My approach to plants is to grow them for my fish so I want those that will do well in the environments I provide naturally to my fish - low light & soft acid water.  I give more specific information about the plans I grow and how I grow them in Aquarium Plants but I will quickly give you my secret here.  Trial and error. That's my method, trial and error.  I am always buying new plants and trying to grow them.  If  they thrive and need to be cut back then I am happy if they linger and die I know that they are not good for me.  Of course, I know enough to stay away from the plants that requirements opposite what I provide but I have found a number of different plants that really grow good for me.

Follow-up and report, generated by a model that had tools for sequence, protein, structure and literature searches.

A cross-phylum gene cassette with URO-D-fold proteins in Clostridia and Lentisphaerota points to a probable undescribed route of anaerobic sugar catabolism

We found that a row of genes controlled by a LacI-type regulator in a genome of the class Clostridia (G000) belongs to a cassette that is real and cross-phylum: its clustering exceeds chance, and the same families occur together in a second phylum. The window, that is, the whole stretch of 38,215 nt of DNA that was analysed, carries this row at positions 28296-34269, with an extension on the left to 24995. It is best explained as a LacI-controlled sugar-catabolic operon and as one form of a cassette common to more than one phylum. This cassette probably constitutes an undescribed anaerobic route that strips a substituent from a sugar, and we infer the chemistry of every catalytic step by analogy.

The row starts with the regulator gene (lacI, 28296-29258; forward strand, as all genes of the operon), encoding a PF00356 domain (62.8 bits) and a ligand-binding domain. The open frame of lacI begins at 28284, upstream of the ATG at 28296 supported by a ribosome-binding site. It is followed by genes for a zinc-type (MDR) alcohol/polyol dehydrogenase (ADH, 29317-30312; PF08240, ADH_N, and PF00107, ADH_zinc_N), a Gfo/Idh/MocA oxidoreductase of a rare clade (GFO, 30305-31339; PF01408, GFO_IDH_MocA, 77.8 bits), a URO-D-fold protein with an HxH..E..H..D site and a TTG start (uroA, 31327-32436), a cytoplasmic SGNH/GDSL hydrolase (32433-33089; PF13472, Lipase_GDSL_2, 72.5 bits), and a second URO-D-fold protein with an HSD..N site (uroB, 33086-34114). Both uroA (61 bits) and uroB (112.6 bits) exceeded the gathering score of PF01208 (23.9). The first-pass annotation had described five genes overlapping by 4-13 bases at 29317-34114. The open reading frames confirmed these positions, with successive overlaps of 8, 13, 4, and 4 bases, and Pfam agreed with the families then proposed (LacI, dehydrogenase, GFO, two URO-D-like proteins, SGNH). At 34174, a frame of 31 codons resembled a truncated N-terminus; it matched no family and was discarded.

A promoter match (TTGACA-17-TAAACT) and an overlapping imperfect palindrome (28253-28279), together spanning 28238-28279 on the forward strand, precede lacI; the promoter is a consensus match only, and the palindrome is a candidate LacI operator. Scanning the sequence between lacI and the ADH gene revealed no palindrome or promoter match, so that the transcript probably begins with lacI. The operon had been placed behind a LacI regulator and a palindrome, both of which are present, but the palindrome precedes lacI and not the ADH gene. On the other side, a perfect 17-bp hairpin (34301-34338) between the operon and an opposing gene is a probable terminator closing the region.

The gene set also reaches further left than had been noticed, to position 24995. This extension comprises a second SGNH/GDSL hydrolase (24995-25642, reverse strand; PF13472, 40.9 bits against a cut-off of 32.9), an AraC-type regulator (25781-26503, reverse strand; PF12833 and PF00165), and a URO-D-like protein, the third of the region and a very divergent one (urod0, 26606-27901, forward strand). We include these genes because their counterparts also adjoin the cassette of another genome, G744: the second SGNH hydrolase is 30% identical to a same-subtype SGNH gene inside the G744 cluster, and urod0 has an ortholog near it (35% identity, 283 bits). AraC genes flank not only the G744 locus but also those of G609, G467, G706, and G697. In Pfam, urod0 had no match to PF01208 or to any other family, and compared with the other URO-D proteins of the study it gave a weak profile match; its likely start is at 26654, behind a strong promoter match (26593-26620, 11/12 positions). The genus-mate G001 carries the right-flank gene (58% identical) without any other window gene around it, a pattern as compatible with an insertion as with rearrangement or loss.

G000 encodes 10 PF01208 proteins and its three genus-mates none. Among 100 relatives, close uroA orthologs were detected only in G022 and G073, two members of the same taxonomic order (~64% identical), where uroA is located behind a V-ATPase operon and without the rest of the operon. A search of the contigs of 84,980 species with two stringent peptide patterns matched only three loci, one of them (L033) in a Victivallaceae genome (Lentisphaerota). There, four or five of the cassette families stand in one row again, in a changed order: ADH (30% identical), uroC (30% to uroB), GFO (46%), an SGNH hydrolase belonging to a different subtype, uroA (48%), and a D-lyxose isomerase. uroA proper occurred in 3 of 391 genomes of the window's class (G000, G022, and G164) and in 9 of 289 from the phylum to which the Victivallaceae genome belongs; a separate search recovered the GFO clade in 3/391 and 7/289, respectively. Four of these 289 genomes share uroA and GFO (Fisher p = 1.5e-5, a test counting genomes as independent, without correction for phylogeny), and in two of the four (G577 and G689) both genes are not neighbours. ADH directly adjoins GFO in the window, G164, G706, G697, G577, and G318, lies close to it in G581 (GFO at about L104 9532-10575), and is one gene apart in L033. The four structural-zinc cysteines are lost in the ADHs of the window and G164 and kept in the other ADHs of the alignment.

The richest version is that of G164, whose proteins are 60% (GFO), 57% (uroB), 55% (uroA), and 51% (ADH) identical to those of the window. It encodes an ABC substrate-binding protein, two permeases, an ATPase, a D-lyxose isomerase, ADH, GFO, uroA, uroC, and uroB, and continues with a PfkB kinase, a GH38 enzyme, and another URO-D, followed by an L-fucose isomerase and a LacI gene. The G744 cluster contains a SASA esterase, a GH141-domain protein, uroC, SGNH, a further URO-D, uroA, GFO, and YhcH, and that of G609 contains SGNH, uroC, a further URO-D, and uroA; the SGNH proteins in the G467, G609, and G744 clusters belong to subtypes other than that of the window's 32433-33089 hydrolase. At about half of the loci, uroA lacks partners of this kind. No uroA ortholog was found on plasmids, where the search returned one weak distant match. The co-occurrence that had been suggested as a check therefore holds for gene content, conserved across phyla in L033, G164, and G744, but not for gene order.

In my breeding tanks I combine a lot of plants with a few caves that are situated on the edges of open areas in the tank.  I generally try to set up only one cave site for a pair and two or three for a trio.  In each site I try to have a defined open area that is surrounded on several sides by dense stands of plants. I put a cave in this area that faces away from the High traffic areas of the tank.  I believe that most females are calmer if they don't see other fish when they emerge from their cave.  Check out the photos for a few examples of breeding and rearing tanks.  In rearing tanks I like to go for high densities of plants to add extra hiding places and water filtration.